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Early foul trouble for freshman forward AJ Brodeur hampered Penn basketball's offense in Saturday's 70-68 loss to Navy.

Credit: Zach Sheldon


After putting itself in an early hole, a valiant resurgence by Penn basketball fell just short, resulting in a 70-68 loss at the hands of Navy.

The game began rather unexpectedly, with a usually modest-shooting Midshipmen (3-4) team knocking down shot after shot. Conversely, the Quakers (2-2) began the game ice cold. With Navy almost scoring at will, it was the scoring from senior Matt Howard and sophomore Jackson Donahue that kept the Red and Blue within striking distance early.

In response to his team’s offensive struggles, Penn coach Steve Donahue was hesitant to point to anything schematically, attributing the difficulties instead to the natural flow of the game.

“I told the team that Navy was hitting a few shots they usually don’t hit and that we were missing a few that we usually make,” he said.

Throughout the course of the first half, Donahue also had to make important decisions regarding his defensive setup against the red-hot Midshipmen. Alternating between a man-to-man and a zone defense, the Quakers attempted — to disappointingly little success — to throw off any rhythm that Navy was developing.

“I don’t think Navy is a particularly strong passing team,” Donahue noted. “When you play a man against them, you can really grind them out. But I think one of our strengths is our zone.”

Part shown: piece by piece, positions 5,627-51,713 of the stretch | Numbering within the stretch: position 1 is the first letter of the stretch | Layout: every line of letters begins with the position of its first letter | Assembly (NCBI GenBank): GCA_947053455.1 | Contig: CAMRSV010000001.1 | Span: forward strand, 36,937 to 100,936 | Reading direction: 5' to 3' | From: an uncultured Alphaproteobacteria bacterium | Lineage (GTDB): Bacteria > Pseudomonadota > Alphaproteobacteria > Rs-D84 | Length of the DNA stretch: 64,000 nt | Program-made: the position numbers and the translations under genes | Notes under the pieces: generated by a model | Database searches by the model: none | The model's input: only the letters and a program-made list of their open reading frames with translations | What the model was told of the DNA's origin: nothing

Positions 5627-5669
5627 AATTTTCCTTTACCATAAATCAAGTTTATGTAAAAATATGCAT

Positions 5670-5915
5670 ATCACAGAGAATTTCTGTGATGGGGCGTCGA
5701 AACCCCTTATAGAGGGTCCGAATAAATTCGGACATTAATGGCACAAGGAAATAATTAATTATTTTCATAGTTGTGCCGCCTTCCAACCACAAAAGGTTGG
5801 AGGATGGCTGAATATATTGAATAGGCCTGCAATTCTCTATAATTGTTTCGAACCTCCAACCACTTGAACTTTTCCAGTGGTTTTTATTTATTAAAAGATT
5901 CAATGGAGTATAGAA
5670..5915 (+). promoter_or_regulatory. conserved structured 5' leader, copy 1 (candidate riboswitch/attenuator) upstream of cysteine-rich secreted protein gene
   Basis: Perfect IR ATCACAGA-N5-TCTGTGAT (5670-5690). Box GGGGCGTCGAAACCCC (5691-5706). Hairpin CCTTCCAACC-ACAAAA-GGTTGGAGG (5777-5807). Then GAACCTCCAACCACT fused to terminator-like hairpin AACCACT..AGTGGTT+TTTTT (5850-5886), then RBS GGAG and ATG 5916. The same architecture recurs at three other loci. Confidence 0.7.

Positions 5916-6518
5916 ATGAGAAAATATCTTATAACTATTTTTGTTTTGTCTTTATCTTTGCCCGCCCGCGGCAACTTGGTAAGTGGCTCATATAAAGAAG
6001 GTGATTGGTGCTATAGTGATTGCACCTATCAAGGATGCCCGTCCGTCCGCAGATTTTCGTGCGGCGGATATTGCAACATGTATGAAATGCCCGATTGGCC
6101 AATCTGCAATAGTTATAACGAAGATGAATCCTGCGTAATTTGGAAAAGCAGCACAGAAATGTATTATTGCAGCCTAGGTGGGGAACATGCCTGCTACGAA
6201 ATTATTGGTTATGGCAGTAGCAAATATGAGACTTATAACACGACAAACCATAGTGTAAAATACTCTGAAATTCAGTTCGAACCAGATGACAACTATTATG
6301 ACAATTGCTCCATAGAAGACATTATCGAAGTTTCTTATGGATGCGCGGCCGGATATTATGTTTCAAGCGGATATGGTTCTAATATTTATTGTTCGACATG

Despite Donahue’s best efforts, Navy guards Hasan Abdullah and Ryan Pearson lit up the Quakers for a combined 19 first-half points.

To compound Penn’s troubles, star freshman A.J. Brodeur got into early foul trouble, picking up a second first-half foul at the 10:18 mark and exiting the game for the remainder of the half.

“It’s no secret that A.J. is one of our best defenders in the zone,” Donahue said. “He can body guys inside and stop penetration. I think losing him hurt us on both sides of the court.”

Without Brodeur in the lineup, the Quakers were outscored by six in the final 10 minutes of the period and went into the half staring at a 46-36 deficit.

Coming out in the second half, Donahue knew something needed to change. Talking to his team at the break, he stressed what the Red and Blue could control — energy and physicality.

“I think we came out and played with more effort and little tougher, and that’s what turned it around at the beginning of the second half,” Donahue said. “For a large portion of the first frame, Navy was simply smarter and more physical than we were.”

Whatever Donahue said, it seemed to work in the early stages of the second half. A 20-6 run early in the period saw the Quakers up six, to that point their largest lead of the day.

A few minutes later, Penn was up eight. Everything seemed to be headed in the right direction for the Red and Blue. However, as always seems to happen in sports, Penn let the Blue and Gold hang around and paid dearly for it.

Despite being on top for long stretches of the second half, a late-game scoring drought saw the Quakers go the last five minutes of regulation without a single point. In that time, Navy scored 9, scoring the go-ahead bucket with just 16 seconds remaining. On the Red and Blue’s last possession of the game, the opportunity for a basket was nullified by an offensive foul from junior guard Caleb Wood.

Although the nature of the loss was bitterly disheartening for the team, Donahue praised his team’s growth since the season began.

“It isn’t easy to play on the road in college basketball, and we’ve started the season with four straight away from home,” Donahue said. “Winning this game would’ve been a great step for us, but I think regardless of the result we showed some of the growth this team has had in the past couple weeks.

“It’s just about overcoming some of the things we didn’t do well today and getting ready for a tough game against Villanova.”

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